You are right, art or design is about visual communication. What elevates a work of art, a design, a quilt, your pot-holders, your quilts, is when they speak visually and emotionally to another…when the viewer can feel and pick up the intention of the artist or designer in creating the work in the first place. The cliche that art is in the eye of the beholder is frankly true yet there are basic tenets that apply to any of the visual arts and when these are present along with the emotion that delivers it, we have a pleasing work of art or design. You’ve brought up a subject that is close to my heart for I’ve felt as you do and have come to a simlar conclusion.

    And just being home with your dogs, Jon, sheep, donkeys, in the country, working in your studio, what more could you ask for on your birthday.
    SandyP in Canada

  7. Happy happy birthday Maria!

    What a beautiful loving tribute to you in Jon’s post this morning. You are both truly blessed to have each other.

    Love From Fran

  8. “Satisfies corresponding needs in us.” A great quote. When I would take my students to a gallery (at the High School Level) they found it difficult to appreciate things they could not relate to…had to be realistic and no way could they identify with the abstract. As they became older and more experienced, they were more able to appreciate the non-traditional pieces. The turning point for me came when I was in college and had to take “Color and Design.” My current students (who are all retired adults) are not at all comfortable trying to do something that is abstract.

    The quilt you are making below (from the clothing) is sensational. Your sense of color, design and composition is off the charts and seems to flow out of you easily.

    Today, I wish you a Very Happy Birthday! Life is good at Bedlam Farm.

  9. Happy birthday, Maria! Your art speaks directly to my heart. My heart knows what connects with it and doesn’t think to argue.

  10. Maria, I think you hit the nail on the head with the word “authenticity” – I once heard a violinist play for an encore, the meditation from the opera Thais. (Anne Akiko Meyers) – I could barely keep from crying as I sat in the audience spellbound by the way she played, pouring out her heart. It connected to me at my deepest level. I’ve heard the piece countless times by other performers, but that incredibly magical connection that night has stayed with me ever since. I tried to find her playing this on youtube, but no luck. However, you can’t do much better than the amazing Yo Yo Ma, so I’ll include the Meditation here along with my best wishes for a most happy birhtday!

  11. I just found this while listening to the Thais. I know Jon recently read the book on Steve Jobs – might be of interest. “When Jobs was ill, Yo Yo Ma came to visit, bringing his 1733 Stradivarius cello and performing a concert in the Jobs’ living room. Jobs, who had been moved to tears by the music, told him, “Your playing is the best argument I’ve ever heard for the existence of God, because I don’t really believe a human alone can do this.” He made Ma promise to play at his funeral.” Mr. Ma was a friend of Steve Jobs, who was also an atheistic Zen Buddhist 🙂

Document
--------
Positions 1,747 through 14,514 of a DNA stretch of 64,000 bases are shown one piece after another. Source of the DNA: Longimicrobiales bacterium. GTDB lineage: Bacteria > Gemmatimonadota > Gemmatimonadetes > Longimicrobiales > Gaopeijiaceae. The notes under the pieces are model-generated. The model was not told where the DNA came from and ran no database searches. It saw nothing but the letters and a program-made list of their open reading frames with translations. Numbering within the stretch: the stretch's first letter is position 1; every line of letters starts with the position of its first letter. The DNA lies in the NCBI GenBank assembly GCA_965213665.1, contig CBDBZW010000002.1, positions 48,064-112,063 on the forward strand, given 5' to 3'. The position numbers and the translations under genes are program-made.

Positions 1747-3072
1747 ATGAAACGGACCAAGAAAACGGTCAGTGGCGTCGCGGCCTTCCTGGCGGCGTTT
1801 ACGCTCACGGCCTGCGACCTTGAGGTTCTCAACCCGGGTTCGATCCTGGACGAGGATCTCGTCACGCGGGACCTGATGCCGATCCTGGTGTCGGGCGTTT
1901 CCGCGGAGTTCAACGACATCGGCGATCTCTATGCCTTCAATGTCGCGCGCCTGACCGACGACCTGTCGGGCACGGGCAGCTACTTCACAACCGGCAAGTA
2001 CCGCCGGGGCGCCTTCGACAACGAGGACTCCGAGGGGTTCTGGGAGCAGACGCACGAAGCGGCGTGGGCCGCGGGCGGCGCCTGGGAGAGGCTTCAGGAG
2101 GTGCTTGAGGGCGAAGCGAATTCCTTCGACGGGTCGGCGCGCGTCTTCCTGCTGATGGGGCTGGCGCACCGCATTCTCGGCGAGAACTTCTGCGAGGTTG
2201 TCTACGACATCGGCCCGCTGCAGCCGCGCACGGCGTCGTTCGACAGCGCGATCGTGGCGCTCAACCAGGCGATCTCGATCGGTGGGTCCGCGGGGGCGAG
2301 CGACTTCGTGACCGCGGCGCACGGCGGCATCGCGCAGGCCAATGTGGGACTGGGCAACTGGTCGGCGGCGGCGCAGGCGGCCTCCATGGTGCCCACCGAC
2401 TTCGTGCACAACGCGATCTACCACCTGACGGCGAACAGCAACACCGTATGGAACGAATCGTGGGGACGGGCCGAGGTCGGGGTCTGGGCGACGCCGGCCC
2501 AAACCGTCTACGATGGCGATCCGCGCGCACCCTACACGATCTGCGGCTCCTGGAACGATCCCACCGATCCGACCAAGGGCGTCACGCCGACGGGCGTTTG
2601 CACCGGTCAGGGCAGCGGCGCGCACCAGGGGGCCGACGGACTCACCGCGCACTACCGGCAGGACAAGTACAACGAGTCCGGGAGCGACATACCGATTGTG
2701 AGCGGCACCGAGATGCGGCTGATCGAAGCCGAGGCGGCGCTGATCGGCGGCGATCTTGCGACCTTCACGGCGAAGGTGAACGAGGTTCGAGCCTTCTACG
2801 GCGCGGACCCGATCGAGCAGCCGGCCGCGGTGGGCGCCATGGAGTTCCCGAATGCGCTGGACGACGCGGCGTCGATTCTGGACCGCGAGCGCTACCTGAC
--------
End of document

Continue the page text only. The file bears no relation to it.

12. Maria, First of all Happy Birthday! Have many great days of celebrating your life!

    Also thank you for posting this quote,”“The proof of any art’s lasting value is a comprehensive emotional necessity: it’s something that a person needed to do and which awakens and satisfies corresponding needs in us.” It is something I have always felt about myself, but thought I was being selfish? That must be why many create their art in times of pain, sorrow as well as joy.

  13. Wow, this is an “aaah hah” moment. I love this thought. You are right that this can apply to more than art. Thank you for writing about this idea. Happy Birthday!

  14. So much to think about in this post, Maria. I love these lines:
    “:I don’t have to defend or argue my art to myself or anyone else. I just have to be authentic and make art that comes from that truth.” It speaks to the joy I sense in you whenever you share your creative process. And, Happy Birthday!

  15. Happy Birthday Maria!I love what you said about being sincerely curious and open minded, a good way to live and make art!

  16. Happy Birthday Maria!
    Art is a little peice of your heart and soul expressing itself and it doesnt matter if anyone has the eyes to see it but you.
    I beleive that creating and animals are the two places we can be close to god in some way, and we all need that.
    I hope you have a lovley day and enjoy your art all you want! Cheers!

  17. What a beautiful post, Maria. I’ve been working on this “philosophy” in my personal life. My feelings are neither right or wrong. They just “are”. Also, I love cooking, mainly baking. And I’ve allowed myself to see it as art exactly because of what you wrote. I express myself through it and people react positively. It is a very satisfying release of positive energy for me.
    Happy Birthday, by the way.

  18. The cat’s out of the bag
    Or maybe the shed
    The donkeys are braying
    I heard what they said.
    “This day is Maria’s”
    The dogs chimed in too
    Chickens clucked in saying
    Happy birthday to you!!

    Enjoy this day surrounded by all the love sent near and far.

  19. Happy Birthday! (you share it with my twin sons….20 years ago, on your birthday, I was birthing twin boys, a difficult and joyous day!)
    I received my package of your art, quilted and heart stiched potholders. Thank you, I consider them art, unique work that decorates my home. God bless you.

  20. Hey Maria, You are authentic and open minded. Your sense of curiosity is one of your charms.
    You are a true artisian. You create pieces that touch our emotions and we return back to them again and again. I am scrolling back to your totem of Rocky each time I open your blog. It has touched something in me that I need to feel when I look at it. I feel such a connection. Maria, as Veronica said, that is art.